Halobates sp. (Hemiptera: Gerridae) at Castle Beach, Kailua, Hawaii
The tradewinds have been fairly strong lately, so this past Saturday I went for an early morning stroll along a beach a few minutes from where we live to see if I could find some Halobates. The genus Halobates consists of water striders (Gerridae) that live almost entirely in marine habitats and contains the only insect species living in the open ocean (The Marine Insect Halobates (Heteroptera: Gerridae): Biology, Adaptations, Distribution, and Phylogeney, Oceanography and Marine Biology: An Annual Review 2004, Nils Moller Andersen and Lanna Cheng 42:119–180).
Usually when the winds are strong you find these little guys on the windward side of Oahu hopping around in the sand, and I’ve always wanted to get some images of them, so I thought I would give it it a try. I also wanted to test out the macro abilities of my new camera. I recently bought a Canon Powershot SX30 IS – it wasn’t my first choice, but I couldn’t really justify getting a decent SLR and macro lens worth more than our minivan, so I had to make some compromises. I think it will work out OK for my purposes, and with a few accessories I should be able to get some decent insect macro shots. Having said that, it is still painfully obvious that the Canon 30D and 100 mm macro lens that I had access to at work were much better.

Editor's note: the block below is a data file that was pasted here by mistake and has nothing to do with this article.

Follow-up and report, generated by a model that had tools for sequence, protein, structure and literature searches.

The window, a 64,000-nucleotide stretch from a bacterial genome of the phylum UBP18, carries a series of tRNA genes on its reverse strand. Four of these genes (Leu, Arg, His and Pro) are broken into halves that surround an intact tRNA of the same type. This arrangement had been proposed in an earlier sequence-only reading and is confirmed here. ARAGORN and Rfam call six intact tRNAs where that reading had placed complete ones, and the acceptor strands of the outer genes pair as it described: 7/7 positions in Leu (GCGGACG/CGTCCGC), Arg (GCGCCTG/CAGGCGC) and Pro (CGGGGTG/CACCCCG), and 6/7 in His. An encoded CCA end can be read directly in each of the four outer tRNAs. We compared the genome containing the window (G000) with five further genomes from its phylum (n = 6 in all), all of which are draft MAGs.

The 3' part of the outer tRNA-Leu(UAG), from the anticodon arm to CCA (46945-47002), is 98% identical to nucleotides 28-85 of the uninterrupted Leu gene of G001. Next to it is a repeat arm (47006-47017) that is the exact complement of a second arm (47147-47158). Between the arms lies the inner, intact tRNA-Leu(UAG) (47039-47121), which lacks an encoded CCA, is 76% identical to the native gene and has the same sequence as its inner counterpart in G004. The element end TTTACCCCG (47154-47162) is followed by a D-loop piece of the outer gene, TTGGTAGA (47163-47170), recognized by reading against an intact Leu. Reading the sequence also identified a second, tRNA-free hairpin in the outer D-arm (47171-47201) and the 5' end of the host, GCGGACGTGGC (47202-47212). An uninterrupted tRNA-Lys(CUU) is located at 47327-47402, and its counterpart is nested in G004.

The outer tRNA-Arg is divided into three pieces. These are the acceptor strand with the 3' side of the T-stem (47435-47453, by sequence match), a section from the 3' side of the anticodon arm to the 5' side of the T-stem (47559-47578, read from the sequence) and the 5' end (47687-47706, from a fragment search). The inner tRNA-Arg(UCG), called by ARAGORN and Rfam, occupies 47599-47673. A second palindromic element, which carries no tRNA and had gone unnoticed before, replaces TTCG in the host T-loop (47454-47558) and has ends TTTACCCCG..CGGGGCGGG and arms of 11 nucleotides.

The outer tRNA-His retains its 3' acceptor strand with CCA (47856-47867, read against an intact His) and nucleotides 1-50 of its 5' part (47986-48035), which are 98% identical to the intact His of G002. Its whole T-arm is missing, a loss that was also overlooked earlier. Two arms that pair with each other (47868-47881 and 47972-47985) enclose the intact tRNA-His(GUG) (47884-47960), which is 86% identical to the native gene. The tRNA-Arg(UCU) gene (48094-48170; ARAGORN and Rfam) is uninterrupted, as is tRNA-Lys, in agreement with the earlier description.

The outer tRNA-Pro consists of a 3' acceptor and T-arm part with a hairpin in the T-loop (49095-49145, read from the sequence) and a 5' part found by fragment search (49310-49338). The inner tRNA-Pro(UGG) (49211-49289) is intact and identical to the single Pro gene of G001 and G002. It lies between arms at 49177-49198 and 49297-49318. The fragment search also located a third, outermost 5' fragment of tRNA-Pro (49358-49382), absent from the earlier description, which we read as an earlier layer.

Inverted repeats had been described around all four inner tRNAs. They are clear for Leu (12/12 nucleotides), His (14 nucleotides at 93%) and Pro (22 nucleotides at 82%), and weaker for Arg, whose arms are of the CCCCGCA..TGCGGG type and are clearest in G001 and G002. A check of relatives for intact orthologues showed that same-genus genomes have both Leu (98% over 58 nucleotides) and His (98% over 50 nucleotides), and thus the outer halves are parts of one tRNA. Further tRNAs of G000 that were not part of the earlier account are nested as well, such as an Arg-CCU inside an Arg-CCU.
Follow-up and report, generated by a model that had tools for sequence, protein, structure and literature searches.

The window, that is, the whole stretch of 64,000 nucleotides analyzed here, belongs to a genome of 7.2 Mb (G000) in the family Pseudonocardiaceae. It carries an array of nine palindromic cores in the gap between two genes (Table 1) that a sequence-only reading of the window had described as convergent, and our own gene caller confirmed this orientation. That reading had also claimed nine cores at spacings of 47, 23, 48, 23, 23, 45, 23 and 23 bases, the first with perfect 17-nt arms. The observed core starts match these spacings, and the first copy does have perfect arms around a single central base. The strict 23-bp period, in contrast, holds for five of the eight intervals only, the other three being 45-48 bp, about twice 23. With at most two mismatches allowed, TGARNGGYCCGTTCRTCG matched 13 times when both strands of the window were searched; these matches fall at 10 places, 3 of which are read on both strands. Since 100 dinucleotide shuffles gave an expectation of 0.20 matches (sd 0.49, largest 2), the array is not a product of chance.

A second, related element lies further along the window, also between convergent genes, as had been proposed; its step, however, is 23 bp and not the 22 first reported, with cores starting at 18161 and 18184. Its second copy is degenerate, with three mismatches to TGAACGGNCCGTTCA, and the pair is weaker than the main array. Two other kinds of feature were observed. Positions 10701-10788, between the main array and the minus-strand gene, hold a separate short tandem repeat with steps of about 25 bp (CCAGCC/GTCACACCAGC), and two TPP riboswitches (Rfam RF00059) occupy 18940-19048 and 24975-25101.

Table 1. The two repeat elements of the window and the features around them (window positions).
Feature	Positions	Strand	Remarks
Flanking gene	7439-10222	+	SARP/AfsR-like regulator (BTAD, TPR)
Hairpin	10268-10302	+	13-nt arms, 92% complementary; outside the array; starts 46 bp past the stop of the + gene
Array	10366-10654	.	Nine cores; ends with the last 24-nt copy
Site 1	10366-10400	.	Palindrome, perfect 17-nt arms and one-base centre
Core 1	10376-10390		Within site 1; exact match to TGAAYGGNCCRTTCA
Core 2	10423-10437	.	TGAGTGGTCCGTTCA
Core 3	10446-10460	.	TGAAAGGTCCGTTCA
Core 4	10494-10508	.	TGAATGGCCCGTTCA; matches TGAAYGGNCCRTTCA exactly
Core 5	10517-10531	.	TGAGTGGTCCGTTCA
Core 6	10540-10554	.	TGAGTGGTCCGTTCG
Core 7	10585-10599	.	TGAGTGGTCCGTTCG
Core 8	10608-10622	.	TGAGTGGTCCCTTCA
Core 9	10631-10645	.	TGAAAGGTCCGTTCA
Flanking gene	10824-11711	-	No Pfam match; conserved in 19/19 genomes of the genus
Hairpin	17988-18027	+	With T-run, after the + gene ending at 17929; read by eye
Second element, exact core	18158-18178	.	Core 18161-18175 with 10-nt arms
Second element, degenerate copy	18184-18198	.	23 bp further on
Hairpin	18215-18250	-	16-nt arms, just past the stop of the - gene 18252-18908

I did manage to find a few stranded striders hiding out in depressions in the sand. I’m not sure if these are H. hawaiiensis or H. sericeus. From what I’ve read, H. hawaiiensis is a near shore/coastal species and H. sericeus is an open ocean species, so I’m guessing that maybe these are H. sericeus that have been blown in with the trades, but that is only a guess (Biological Notes on the Pelagic Water Striders (Halobates) of the Hawaiian Islands, with Description of a New Species from Waikiki (Gerridae, Hemiptera), Proceedings of the Hawaiian Entomolgoical Society, 1938, Robert L. Usinger, 10:77-88).